The U.S. government recently declared cybercrime more of a threat than terrorism, but implementing ways to combat the problem may not be so easy.
According to Reuters, both Internet service providers and a number of large telecommunications firms have convinced the Obama Administration that making security measures compulsory is not the correct step to take.
In a report released Monday (.pdf) by the FCC on cybersecurity, 20 "controls" are documented with the protection of telecommunications in mind for both businesses and consumers. However, representatives on the advisory panel — from firms and bodies including AT&T, Sprint, Verizon and Comcast — argued against an FCC recommendation that telecom companies should be made to abide by these security protocols.
As a result, the panel could not reach an agreement which is required to make such a recommendation. Members of state authorities and non-profit organizations were also present.
The report says:
"The user community within Working Group 11 would prefer for the FCC to encourage industry to use the 20 Controls.
However [...] the communications sector participants believe that some unique aspects of managing diverse multi-tenant communications networks will require additional evaluation in order to determine the extent to which the 20 Control protect network infrastructure directly; as well as, to determine the applicability of the 20 Controls to communications sector."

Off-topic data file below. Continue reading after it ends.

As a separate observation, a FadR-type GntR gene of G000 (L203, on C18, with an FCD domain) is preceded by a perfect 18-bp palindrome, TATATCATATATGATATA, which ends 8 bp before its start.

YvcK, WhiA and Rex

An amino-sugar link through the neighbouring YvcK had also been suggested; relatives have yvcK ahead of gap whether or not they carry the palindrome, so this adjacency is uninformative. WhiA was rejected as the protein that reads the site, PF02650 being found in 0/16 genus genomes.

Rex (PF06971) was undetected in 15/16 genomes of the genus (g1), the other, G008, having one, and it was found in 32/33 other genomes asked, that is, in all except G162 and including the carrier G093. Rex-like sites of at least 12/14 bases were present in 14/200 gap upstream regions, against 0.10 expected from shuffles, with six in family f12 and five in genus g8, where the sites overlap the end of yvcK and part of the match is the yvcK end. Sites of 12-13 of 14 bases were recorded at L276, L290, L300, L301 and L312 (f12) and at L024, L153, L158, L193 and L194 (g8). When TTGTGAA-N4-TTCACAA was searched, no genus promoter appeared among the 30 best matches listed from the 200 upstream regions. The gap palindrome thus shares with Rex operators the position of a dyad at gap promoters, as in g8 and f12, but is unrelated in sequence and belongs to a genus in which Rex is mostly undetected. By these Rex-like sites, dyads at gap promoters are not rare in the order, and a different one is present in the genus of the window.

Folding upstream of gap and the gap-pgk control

Over the past month, meetings have taken place in the United States which have centered around the threat cybercrime now poses to businesses and national infrastructure. Now consideredby the U.S. government, agencies, corporations and businesses are wondering just how far the government should go in enforcing legislation which could become restrictive, and how much further firms must go to for their networks and data.
Last week, business leaders met with President Obama,in the government's steps to tackle cybercrime in future legislation. The need for a flexible approach was also raised, as Honeywell International's David Cote noted, "Flexibility is important, because this is the kind of threat that changes very quickly. The threat is real, there is a consistent, persistent threat here that we need to be concerned about as a country."